So, Why Do We Apologize?
If an apology isn't a penalty, a pay-back for crimes, what is it? It is the first step in healing the bonds of friendship and love. It is an offer to personally bind the wounds that we caused.
An apology is a doorway. But it isn't the way in to hurt and pain; it is the way out. It is the gateway to freedom from guilt, peace of conscience, and reconciliation.
If we're going to teach our children to apologize, we need to start from the end of the story. We need to refocus the whole process on the goal: reconciliation and peace.
1. Reminders of Love
An apology isn't really about what you have to do or go through, but about what you desire in the end. Remind your child about the joy they have experienced in this relationship. Remind them of the sweet times they have had together, and of the special memories they have made.
The goal of an apology is to begin working backwards, to undo the damage that was done and to heal the wound.
Offer encouragement. He is a good brother. He loves his sister. This one particular episode was out of character with the way he normally behaves and contradictory to how he actually feels about her.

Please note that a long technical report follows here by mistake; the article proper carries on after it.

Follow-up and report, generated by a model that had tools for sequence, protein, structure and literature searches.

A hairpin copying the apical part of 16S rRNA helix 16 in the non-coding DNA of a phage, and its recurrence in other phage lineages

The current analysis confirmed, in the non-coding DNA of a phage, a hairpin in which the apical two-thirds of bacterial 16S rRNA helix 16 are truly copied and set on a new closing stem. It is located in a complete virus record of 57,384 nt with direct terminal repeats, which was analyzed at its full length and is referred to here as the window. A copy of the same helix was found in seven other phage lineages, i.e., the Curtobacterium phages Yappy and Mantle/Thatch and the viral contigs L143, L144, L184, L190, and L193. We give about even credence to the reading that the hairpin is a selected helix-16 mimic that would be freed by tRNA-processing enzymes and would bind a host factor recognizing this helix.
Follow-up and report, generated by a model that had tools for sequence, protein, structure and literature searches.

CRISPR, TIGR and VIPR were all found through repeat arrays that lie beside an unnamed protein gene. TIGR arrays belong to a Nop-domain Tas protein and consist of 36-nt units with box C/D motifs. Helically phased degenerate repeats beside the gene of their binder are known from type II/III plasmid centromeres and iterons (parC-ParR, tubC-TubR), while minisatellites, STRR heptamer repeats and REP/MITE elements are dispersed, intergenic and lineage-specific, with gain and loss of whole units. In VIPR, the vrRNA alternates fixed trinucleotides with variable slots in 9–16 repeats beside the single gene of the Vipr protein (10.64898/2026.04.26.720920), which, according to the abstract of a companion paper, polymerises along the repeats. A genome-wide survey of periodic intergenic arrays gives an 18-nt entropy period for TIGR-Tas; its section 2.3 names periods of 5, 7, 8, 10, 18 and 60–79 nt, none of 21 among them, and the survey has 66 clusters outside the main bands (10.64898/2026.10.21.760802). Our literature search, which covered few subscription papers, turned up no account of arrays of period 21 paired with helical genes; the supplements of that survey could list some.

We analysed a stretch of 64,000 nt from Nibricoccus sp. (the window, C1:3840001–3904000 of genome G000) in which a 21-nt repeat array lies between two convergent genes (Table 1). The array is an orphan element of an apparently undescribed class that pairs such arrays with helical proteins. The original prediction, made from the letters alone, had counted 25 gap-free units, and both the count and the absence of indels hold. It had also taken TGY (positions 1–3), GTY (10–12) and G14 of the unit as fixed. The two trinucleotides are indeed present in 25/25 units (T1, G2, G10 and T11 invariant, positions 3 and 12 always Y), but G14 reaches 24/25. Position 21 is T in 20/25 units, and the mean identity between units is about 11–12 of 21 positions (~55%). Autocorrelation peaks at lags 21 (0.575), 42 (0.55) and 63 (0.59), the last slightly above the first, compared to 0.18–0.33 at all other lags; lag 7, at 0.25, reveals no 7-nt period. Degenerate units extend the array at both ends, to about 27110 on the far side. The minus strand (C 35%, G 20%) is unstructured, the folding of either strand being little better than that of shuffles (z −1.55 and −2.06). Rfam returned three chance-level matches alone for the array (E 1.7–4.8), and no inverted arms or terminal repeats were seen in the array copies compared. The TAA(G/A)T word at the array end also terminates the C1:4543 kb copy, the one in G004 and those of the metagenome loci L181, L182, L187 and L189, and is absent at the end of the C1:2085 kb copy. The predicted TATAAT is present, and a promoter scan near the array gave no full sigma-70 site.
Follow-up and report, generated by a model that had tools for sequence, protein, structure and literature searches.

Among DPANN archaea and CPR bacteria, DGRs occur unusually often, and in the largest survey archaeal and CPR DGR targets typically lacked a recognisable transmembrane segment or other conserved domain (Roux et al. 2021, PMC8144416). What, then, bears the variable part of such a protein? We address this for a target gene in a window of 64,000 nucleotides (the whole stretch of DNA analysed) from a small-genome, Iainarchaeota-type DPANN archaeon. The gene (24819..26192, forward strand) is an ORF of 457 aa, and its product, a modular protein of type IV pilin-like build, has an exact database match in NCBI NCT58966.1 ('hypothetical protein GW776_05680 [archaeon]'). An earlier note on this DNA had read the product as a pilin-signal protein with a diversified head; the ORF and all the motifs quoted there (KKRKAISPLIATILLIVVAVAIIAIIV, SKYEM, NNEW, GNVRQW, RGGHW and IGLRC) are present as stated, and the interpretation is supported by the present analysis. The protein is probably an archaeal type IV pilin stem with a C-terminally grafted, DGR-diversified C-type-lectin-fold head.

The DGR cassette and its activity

You aren't calling him to be someone he is not. You are calling him to be consistent with who he really is in Christ and what his relationship is with His sister, who is also his sister in Christ.
2. Don't Be Afraid to Weep
Remind your child that part of love - both doing it and demonstrating it - is being willing to join with the one he loves in joy or sorrow. Remind him that the Lord calls him to "rejoice with those who rejoice and weep with those who weep".
Ask him to observe the sibling he has wronged. She is sad. Does his heart feel sad with her? If not (or if he says not) he may need some time to reflect and consider. This isn't a question of blame - of guilt or innocence - this is simply the practice of sympathy.
3. The Golden Rule
If he is having trouble relating to her sorrow, use Jesus's approach. Ask him to think about how he would feel if he were in her situation. When possible, modify the example so that it relates to something directly applicable to him.
Instead of: "How would you feel if someone made fun of your doll house?" adapt to "How would you feel if someone made fun of your music/drawing/basketball skills?" (or whatever makes sense for this particular child).
Did he "do unto her" how he would want others to "do unto him"?
Note: This is the pivot point. If he does desire reconciliation and does feel sad that she is sad, but does not believe he did anything wrong, stop. He may need time to consider. He may need instruction. Or, he may have behaved without malice.